That’s saying a lot for me, because Mr. Simak is my favorite Spec-Fic writer. The Big Front Yard (1958) was my introduction to Speculative Fiction when I read it ~40 years ago. I couldn’t believe that there were such stories out there, that focused on ideas instead of the typical Star-Wars-like ”Cowboys and Indians in Space” subjects. It not only won the 1959 Hugo for Best Novelette, it is considered one of the best Spec-Fic stories ever. I wrote Mr. Simak on 8 Dec 1985 and told him what that story meant to me; he wrote me back on 28 Feb 1986 and said many incredibly nice things about my letter, the most intense comment being this: ”of all the comments that have been made of it, all the words that have been written of it by critics and science fiction historians, you are the first and only one who has put an unerring finger on what I tried so hard to say” (Simak, 1986).

There’s also a profound reflection on the nature of humanity, Desertion, one of the stories that make up his award-winning novel, City. Other favorites of mine include Immigrant, New Folks’ Home, Drop Dead, and Skirmish. Incidentally, Mr. Simak is known as the Pastoral SF writer.

Failed movie adaptations of awesome Golden Age Spec-Fic include Grand Tour (starring Jeff Daniels), based on the classic Vintage Season by the legendary husband-and-wife writing team of Henry Kuttner and Catherine Lucille (better known as C.L.) Moore. They also wrote Mimsy Were the Borogoves, which became The Last Mimzy, losing ~99% of its power and eloquence. Dead writers don’t get to control their films as well as Mr. King does. Misery and Christine were both very well done, even with the Gruesome Factor dialed way down. So was the 1994 tele-series, The Stand (I would’ve liked way more gruesome in the initial plague part).

Please forgive me for going on and on. The Golden Age (1930s-1960s, with outliers) is my area of specialty and I love turning people on to its now buried treasure. There’s plenty more, if you’re interested.
 
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Dana Jean

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Apr 11, 2006
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I know one of those shows attempted it … with Burgess Meredith; it was Night Gallery, S1E2. But the Kornbluth story is rich, with the crucial character of the avaricious Angie excised as neatly as though with a scalpel from that wonderful bag.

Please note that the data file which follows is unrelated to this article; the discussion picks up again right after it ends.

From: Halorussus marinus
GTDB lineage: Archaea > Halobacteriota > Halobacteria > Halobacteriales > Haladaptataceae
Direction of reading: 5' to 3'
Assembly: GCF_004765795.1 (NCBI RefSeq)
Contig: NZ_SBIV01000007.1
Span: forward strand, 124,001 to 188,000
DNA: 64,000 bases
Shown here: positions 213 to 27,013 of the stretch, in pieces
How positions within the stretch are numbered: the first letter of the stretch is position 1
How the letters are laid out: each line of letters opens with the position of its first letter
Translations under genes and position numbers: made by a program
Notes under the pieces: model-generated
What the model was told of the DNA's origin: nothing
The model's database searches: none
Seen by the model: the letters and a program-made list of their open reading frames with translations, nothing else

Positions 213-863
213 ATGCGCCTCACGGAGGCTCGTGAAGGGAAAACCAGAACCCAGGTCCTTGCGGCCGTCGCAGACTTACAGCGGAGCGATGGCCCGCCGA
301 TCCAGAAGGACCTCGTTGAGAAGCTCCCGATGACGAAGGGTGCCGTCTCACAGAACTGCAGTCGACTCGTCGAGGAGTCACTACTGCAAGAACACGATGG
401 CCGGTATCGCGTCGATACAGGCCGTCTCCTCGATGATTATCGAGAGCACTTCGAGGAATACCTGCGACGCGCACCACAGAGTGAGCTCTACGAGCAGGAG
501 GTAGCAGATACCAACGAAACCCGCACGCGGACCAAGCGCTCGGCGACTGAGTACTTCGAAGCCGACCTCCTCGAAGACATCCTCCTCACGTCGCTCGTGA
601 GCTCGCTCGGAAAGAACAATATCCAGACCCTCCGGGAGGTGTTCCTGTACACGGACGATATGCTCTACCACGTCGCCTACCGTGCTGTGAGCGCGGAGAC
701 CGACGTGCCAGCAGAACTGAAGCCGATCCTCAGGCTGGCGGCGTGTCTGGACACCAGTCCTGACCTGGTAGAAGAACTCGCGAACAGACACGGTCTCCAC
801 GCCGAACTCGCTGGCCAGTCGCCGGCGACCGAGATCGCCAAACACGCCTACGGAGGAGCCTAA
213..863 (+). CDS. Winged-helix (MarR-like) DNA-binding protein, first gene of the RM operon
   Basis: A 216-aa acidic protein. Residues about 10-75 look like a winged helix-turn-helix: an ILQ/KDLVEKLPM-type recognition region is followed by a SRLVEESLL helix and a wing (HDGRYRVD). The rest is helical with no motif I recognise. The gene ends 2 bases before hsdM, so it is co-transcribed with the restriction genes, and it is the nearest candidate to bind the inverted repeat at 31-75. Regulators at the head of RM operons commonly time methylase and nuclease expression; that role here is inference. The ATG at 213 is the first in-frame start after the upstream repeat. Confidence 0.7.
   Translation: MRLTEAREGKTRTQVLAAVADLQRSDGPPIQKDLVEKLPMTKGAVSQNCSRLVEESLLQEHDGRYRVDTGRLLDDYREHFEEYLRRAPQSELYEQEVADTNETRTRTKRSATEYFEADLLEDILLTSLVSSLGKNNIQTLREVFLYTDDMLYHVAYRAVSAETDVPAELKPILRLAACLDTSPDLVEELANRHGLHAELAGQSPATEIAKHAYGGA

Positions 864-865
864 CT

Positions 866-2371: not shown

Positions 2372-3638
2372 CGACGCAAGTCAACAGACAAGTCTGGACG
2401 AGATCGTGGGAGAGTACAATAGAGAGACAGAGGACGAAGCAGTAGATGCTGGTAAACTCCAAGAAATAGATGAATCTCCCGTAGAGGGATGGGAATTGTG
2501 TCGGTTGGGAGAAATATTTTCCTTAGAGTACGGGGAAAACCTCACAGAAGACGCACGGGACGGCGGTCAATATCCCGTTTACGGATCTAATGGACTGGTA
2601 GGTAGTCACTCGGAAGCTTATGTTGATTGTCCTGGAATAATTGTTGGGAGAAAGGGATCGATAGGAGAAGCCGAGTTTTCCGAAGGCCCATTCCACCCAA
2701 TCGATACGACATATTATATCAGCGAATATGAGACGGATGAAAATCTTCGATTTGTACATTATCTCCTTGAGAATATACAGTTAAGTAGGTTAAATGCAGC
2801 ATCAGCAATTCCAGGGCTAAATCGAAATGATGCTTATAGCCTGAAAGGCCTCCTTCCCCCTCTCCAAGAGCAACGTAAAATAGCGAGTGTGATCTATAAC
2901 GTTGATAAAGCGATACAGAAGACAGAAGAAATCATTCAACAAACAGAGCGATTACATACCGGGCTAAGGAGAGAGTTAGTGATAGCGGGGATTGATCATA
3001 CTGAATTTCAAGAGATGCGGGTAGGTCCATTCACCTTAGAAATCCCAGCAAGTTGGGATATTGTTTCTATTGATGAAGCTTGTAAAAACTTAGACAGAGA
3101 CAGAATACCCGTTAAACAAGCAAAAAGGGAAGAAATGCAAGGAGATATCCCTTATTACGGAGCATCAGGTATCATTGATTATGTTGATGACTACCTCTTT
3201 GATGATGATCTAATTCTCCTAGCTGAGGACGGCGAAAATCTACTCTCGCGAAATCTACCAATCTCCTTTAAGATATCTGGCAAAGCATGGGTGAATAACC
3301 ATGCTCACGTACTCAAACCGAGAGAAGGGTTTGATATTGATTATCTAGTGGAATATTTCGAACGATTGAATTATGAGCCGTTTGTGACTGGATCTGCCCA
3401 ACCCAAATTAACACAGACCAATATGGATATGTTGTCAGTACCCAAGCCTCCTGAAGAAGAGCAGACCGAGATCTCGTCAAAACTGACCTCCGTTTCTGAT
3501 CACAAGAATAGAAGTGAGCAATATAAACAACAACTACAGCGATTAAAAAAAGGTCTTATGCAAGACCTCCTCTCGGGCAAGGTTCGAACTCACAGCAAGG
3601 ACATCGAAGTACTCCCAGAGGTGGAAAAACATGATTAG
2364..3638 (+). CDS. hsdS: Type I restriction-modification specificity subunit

The Little Black Bag is a prequel to The Marching Morons. Be warned: Kornbluth is not at all kind to stupid people. He cuts them no slack. Mike Judge, OTOH, treats them with fondness for their foibles.

Jerome Bixby’s The Man From Earth (2007) is that rare find: a superior Spec-Fic film completed literally on Bixby’s deathbed. There is absolutely no CGI! The same subject matter earned SFWA Grand Master Clifford D. Simak the 1980 Nebula and the 1981 Hugo and Locus awards for Best Short Story for Grotto of the Dancing Deer (1980), but IMO Bixby’s The Man From Earth is a superior presentation.

That’s saying a lot for me, because Mr. Simak is my favorite Spec-Fic writer. The Big Front Yard (1958) was my introduction to Speculative Fiction when I read it ~40 years ago. I couldn’t believe that there were such stories out there, that focused on ideas instead of the typical Star-Wars-like ”Cowboys and Indians in Space” subjects. It not only won the 1959 Hugo for Best Novelette, it is considered one of the best Spec-Fic stories ever. I wrote Mr. Simak on 8 Dec 1985 and told him what that story meant to me; he wrote me back on 28 Feb 1986 and said many incredibly nice things about my letter, the most intense comment being this: ”of all the comments that have been made of it, all the words that have been written of it by critics and science fiction historians, you are the first and only one who has put an unerring finger on what I tried so hard to say” (Simak, 1986).

There’s also a profound reflection on the nature of humanity, Desertion, one of the stories that make up his award-winning novel, City. Other favorites of mine include Immigrant, New Folks’ Home, Drop Dead, and Skirmish. Incidentally, Mr. Simak is known as the Pastoral SF writer.